"The market has conditioned itself for these companies to be gangbusters all the time, both in earnings growth and performance," said Brian Belski, market strategist at

U.S. Bancorp Piper Jaffray

. "We need to realize that's not reality."

The negative action will probably magnify fund managers' desire to sell losers out of their portfolio by the end of the day in an effort to make their quarter-end figures look as good as possible. Yesterday's rebound was seen as an example of the gamesmanship that goes on during quarter-end

window dressing, when portfolio managers try to prop up various stocks. But today, they're more focused on dumping losers.

Market Internals

Breadth was negative on moderate volume.

New York Stock Exchange: 1,375 advancers, 1,310 decliners, 544 million shares. 102 new 52-week highs, 41 new lows.

Nasdaq Stock Market: 1,513 advancers, 2,261 decliners, 967 million shares. 86 new highs, 119 new lows.

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Most Active Stocks

NYSE Most Actives

Nasdaq Most Actives

  • Apple: 92.5 million shares.
  • Intel: 39.2 million shares.
  • Dell: 32.2 million shares.

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Sector Watch

The seesaw of

money from tech to drugs that's persisted through most of the year continues today, as investors dump technology stocks in favor of the defensive growth stocks, drugs. The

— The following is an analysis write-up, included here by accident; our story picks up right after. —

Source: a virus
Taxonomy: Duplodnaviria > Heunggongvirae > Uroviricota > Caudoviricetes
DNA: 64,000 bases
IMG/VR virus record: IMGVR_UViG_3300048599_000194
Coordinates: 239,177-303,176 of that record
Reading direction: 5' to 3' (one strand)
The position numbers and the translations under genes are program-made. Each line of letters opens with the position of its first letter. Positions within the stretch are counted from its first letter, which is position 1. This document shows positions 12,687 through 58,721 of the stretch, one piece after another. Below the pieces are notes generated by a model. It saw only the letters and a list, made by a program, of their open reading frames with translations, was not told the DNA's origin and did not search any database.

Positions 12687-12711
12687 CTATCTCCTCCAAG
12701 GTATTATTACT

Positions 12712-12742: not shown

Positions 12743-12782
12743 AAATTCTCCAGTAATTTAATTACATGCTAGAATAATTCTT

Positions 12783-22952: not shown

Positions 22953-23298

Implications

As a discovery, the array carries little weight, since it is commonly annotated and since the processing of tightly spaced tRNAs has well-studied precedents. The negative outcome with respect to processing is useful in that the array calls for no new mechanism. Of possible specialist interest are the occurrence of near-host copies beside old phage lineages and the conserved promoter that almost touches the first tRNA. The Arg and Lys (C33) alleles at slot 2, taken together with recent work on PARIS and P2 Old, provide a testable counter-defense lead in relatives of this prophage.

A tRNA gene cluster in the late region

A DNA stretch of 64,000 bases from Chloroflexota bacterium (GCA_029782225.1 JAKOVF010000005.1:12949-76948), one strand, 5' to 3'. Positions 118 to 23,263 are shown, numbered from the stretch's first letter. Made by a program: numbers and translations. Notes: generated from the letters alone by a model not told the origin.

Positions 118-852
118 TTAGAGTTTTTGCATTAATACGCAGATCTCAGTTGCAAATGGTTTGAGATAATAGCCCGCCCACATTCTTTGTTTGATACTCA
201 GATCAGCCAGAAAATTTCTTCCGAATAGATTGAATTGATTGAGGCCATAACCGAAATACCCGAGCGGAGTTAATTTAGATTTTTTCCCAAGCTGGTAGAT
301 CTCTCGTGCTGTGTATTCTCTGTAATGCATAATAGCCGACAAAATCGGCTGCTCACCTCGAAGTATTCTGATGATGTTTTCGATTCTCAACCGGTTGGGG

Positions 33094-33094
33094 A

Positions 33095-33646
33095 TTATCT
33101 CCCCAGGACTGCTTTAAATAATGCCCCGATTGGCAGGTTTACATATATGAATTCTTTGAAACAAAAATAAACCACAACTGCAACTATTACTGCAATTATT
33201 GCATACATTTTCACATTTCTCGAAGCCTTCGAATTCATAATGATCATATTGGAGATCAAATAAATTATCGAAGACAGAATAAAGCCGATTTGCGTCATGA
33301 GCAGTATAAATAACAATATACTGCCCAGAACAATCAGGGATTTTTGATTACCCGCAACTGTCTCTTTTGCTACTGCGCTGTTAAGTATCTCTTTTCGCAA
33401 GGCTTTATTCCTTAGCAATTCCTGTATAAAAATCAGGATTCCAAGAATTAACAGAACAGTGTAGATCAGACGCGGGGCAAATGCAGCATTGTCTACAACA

American Stock Exchange Pharmaceutical Index

is lately up 1.1%, led by a 2.1% gain in Dow component


(MRK) - Get Merck & Co., Inc. (MRK) Report


Also moving up today are the tobacco stocks; the

Amex Tobacco Index

rose 1.5%.

Fiber optics stocks are among the few technology names scoring well, as


(GLW) - Get Corning Inc Report

gained 2.4%.

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Treasuries are stronger thanks to slumping stocks and the calendar, which traditionally favors the Treasury market on the last business day of the quarter. Pressure to own safe, liquid assets for appearance's sake often prompts buying of Treasuries by portfolio managers who report their holdings on the last day of the quarter, bond market analysts say.

The day's most important economic indicator, the

Chicago Purchasing Managers' Index


definition |

chart ), was stronger than expected. It rose to 51.4 in September from 46.5 in August, indicating renewed expansion in the manufacturing sector.

The benchmark 10-year

Treasury note lately was up 9/32 at 99 23/32, dropping its yield to 5.787%.

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European markets were generally weak. In London, the

FTSE 100

was off 30.1 to 6294.2. Across the channel, the

CAC 40

in Paris was 44.40 lower to 6266.63, and the

Xetra Dax

in Frankfurt lost 57.01 to 6775.75.

Asian markets jumped on Friday as U.S. markets recovered overnight, but most traders are viewing the bounce as a one-time event.

In Japan, local fund managers buying selected tech shares before the close of the fiscal first-half Sept. 30 helped the

Nikkei 225

index rise 120.30 to 15,747.26.

Hong Kong's

Hang Seng

index bounced 233.23, or 1.5%, to 15,648.98 as property and banks shares rallied.